Enterprises have traditionally used portal technology to aggregate content and functionality from different applications. In that sense, portals have typically been consumers of services.
Nevertheless, despite what vendors may tell you, it's very rare that a single portal instance becomes the only place where you access all your enterprise information. Most enterprises support multiple portals (or delivery environments) in an organization, and so a single portal server becomes just one component of the enterprise technology landscape.
This means that any portal must not only consume services but also expose its own services in a manner that other components of your enterprise architecture can consume.
Why would you want to do that? Well, many enterprise portal software products have services or functionality that could work well across your enterprise (i.e., not just within the portal). As an example, you might want to use a portal's in-built search engine to be able to index your Web CMS or you might want to use your portal's wiki services more broadly across your intranet.
Of course there may be licensing implications here, but in general you get the idea: de-coupling a portal service so that you can "white label" it or extend its functionality to suit a different environment.
How do you do this? For starters, you can choose among many standard integration mechanisms to integrate portal services with other applications. Among others, you can use Web Services, iFrames, Web Clipping, directly access a Portal's data source, or employ an Enterprise Service Bus (ESB) to access the relevant functionality. All of these have their drawbacks and are typically very complex to implement, especially if you want to access a "service" rather than just a "page."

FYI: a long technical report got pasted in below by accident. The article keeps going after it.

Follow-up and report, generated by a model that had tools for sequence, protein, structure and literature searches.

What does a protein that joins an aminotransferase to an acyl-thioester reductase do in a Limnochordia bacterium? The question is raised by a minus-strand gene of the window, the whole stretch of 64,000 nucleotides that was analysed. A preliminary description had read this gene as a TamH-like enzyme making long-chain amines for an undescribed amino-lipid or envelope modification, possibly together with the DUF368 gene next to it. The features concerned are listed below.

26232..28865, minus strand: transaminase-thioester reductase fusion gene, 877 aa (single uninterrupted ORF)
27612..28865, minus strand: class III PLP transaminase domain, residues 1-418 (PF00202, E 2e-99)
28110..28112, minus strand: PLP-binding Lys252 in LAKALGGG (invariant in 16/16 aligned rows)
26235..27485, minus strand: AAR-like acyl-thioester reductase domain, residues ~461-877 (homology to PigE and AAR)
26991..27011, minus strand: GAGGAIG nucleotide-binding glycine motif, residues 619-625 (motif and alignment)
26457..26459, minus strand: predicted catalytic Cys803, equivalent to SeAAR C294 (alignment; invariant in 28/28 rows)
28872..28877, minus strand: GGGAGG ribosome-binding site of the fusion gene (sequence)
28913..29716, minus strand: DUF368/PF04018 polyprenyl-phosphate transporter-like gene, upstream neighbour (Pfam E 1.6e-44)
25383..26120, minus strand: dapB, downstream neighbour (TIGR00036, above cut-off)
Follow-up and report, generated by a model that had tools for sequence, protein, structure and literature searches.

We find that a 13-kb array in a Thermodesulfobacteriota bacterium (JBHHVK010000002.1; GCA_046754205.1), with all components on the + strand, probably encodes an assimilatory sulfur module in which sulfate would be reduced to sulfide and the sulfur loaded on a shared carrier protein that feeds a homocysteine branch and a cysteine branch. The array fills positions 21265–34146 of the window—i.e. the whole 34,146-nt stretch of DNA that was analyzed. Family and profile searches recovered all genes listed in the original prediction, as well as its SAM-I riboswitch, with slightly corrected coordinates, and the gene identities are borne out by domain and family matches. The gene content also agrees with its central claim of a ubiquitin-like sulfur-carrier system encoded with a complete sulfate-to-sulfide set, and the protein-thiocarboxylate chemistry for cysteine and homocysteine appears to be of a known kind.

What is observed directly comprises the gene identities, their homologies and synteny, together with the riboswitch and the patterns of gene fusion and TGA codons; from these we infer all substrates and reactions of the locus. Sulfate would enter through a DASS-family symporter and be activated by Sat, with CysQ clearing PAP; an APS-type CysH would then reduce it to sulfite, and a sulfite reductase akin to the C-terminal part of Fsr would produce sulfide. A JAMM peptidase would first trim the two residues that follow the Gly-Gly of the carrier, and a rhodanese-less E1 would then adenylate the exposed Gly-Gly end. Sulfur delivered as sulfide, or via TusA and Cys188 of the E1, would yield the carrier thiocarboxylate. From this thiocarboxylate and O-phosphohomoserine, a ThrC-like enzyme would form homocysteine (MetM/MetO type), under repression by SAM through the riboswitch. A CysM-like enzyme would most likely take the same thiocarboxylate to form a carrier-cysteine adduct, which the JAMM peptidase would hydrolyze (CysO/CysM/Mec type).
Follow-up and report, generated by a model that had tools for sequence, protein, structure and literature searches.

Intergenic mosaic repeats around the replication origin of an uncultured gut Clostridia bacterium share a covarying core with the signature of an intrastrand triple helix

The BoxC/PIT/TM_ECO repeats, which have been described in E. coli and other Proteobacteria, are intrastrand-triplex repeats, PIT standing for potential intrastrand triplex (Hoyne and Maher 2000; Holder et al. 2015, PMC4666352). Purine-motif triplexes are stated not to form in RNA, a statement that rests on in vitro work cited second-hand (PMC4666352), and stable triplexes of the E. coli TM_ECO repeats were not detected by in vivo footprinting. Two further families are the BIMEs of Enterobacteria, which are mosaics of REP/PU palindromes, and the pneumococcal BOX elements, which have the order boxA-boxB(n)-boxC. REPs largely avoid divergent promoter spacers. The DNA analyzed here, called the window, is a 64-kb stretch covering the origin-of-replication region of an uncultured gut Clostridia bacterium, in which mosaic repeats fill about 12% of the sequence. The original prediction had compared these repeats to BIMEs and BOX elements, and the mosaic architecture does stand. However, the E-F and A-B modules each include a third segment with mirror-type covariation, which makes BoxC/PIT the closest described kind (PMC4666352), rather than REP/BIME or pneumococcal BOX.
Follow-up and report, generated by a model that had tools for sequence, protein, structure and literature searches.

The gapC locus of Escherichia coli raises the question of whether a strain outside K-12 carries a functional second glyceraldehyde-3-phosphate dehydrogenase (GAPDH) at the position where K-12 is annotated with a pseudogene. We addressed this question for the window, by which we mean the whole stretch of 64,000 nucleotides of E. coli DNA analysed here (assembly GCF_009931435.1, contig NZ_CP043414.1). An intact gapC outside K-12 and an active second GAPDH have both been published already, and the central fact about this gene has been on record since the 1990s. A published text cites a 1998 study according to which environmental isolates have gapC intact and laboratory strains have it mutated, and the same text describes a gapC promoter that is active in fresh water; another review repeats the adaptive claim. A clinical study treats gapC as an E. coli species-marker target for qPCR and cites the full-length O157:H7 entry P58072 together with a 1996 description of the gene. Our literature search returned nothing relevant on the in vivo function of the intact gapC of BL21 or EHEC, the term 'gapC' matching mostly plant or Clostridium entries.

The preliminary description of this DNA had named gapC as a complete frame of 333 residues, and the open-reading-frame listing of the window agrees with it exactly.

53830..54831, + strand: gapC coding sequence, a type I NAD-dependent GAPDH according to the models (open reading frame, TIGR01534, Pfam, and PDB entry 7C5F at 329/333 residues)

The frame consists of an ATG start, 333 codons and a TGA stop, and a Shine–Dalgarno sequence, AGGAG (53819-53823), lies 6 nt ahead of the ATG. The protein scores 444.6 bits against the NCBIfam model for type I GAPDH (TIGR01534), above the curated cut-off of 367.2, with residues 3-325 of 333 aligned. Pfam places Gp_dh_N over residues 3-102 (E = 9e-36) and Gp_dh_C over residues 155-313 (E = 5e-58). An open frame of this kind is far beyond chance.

Other approaches are potentially promising. The Oasis standard, Web Services for Remote Portlets (WSRP), provides a mechanism to expose portlets to other delivery engines. However, while many portal tools can consume WSRP, they do not often comply with WSRP for exposing their own functionality.
Some portal products now expose their services using simpler mechanisms like REST-based APIs, which provide a URI-based way to access a specific feature or subset of a functionality For example, you could obtain a list of top 10 blog posts using a URL from a portal's built-in blogging engine.
As you can see, there are many ways of exposing a Portal's functionality and I'll not go into all the details in a short blog post. Obviously you face trade-offs, as some of these approaches are more complex than others, while some are more presentation-oriented than others.
So if you're evaluating portal products, make sure to understand how the product exposes its services and not just how it consumes services from other applications. We delve into the pros and cons of these different approaches -- and how each vendor covers them -- in our Portals research.